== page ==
Many firms and practices may have a set of scripts and procedures that they ask advisors to adhere to. They may regard such tools as “best practices,” produced and honed over years and possibly decades of servicing clients.
But when advisors find that such “tried and true” approaches don’t work on millennials, they shouldn’t be surprised, according to an article published on Entrepreneur.com
. Instead, they should pay attention to trends that affect millennial attitudes toward financial advice:
Clients attached to advisors, not firms: study
- Reduced attention span – A Goldman Sachs report shows that more than 30% of millennials would commit to no longer than 15 minutes in a session with a financial advisor. It might seem like they’re being less receptive, but it could also be due to their improved access to information. With all the information about financial products, savings and interest, and approaches to debt payment online, it’s easier for them to get informed without disclosing their personal financial issues. The challenge for advisors will be to add value to that information and turn it into practical knowledge.
- Lack of faith in the stock market – While older generations also struggled through the financial crisis, it was much more transformative for millennials. Many of them got introduced to stock market investing as they watched a recession unfold. “It makes sense for a young person to raise an eyebrow at being told the best thing they can do with their money is put it in stocks when they saw their parents lose everything doing just that,” said Andrew Canter, founder and CEO of Canter Companies. That makes many millennials want to limit their exposure to the financial markets.
- Desire for personal advice – According to a Harvard study, only 11% of millennials trust Wall Street, and they are more than twice as likely to approach their parents as they would financial advisors to consult about financial matters. This will be another significant barrier to financial advisors, who’ll have to put more effort into earning the confidence of current and prospective millennial clients.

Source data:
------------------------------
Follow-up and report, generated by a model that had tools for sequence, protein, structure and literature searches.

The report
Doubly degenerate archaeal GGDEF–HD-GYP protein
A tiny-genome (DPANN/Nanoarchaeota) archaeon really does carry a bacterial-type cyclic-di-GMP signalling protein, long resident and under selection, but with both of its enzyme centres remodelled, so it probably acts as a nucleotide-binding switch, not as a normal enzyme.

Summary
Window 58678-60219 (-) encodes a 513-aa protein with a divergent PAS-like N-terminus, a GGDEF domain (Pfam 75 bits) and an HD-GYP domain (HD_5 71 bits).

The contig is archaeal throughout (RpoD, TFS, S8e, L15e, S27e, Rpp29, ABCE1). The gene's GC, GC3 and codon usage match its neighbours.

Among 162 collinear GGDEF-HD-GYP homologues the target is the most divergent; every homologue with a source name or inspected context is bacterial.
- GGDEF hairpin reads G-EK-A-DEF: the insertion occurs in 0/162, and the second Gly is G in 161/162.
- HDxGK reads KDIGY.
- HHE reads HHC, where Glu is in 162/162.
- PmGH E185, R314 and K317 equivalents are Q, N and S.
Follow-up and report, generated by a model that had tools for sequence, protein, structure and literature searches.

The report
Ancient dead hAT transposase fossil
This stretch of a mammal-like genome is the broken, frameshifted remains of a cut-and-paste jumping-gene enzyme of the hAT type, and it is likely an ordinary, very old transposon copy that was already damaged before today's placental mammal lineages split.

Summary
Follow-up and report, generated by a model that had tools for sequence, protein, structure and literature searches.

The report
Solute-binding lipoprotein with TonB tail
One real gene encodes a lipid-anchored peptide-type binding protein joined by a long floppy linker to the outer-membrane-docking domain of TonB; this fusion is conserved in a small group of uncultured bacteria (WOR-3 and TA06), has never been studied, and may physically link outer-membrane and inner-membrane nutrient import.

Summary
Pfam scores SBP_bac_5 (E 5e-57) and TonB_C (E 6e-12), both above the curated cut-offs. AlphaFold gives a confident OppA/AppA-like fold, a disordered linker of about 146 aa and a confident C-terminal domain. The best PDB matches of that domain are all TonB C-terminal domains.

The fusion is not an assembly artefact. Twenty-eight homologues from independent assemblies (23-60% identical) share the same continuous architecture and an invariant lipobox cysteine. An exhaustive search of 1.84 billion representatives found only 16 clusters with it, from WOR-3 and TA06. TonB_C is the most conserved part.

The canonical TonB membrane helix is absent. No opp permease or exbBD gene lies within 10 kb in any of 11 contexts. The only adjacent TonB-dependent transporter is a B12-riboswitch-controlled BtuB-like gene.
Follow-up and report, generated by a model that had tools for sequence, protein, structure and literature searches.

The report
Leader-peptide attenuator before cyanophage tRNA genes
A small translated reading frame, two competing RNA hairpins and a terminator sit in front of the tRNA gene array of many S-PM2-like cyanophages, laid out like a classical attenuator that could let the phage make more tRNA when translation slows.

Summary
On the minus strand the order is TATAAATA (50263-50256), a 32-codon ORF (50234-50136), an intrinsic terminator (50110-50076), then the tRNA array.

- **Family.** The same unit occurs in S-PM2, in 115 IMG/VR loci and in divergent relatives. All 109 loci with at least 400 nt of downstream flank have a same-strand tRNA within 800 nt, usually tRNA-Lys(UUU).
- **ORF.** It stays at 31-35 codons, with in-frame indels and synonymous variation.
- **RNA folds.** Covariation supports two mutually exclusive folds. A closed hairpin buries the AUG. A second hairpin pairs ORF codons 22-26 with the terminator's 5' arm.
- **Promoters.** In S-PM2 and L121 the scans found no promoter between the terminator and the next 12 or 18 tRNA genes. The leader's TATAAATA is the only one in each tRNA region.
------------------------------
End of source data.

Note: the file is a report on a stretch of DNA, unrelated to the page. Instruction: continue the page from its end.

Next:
- Preference for customizable online options – As digital natives who grew up with computers, cell phones, and internet connections, millennials are very comfortable with – and often prefer – technology to communicate and conduct transactions. This has made robo-advisors very popular; aside from the fact that they are cheaper and usually require no minimum investment, these platforms let millennials run their affairs in the remote and convenient way that they’re used to.
- Gravitating toward flexible investments – Millennials are also opening up to more flexible, non-traditional investments that can be made online. Aside from ETFs hosted on robo-platforms, one new avenue that’s reportedly gaining traction with younger generations — but not as quickly with planners and investment advisors — is crowdsourced real estate. “[M]any companies now offer non-traditional investment options, allowing people to own small pieces of much larger investments,” Canter said. “For a young investor who is eager to learn the ropes with a small amount of capital, it’s a great place to start.”
Advisor firms challenged by inter-generational gap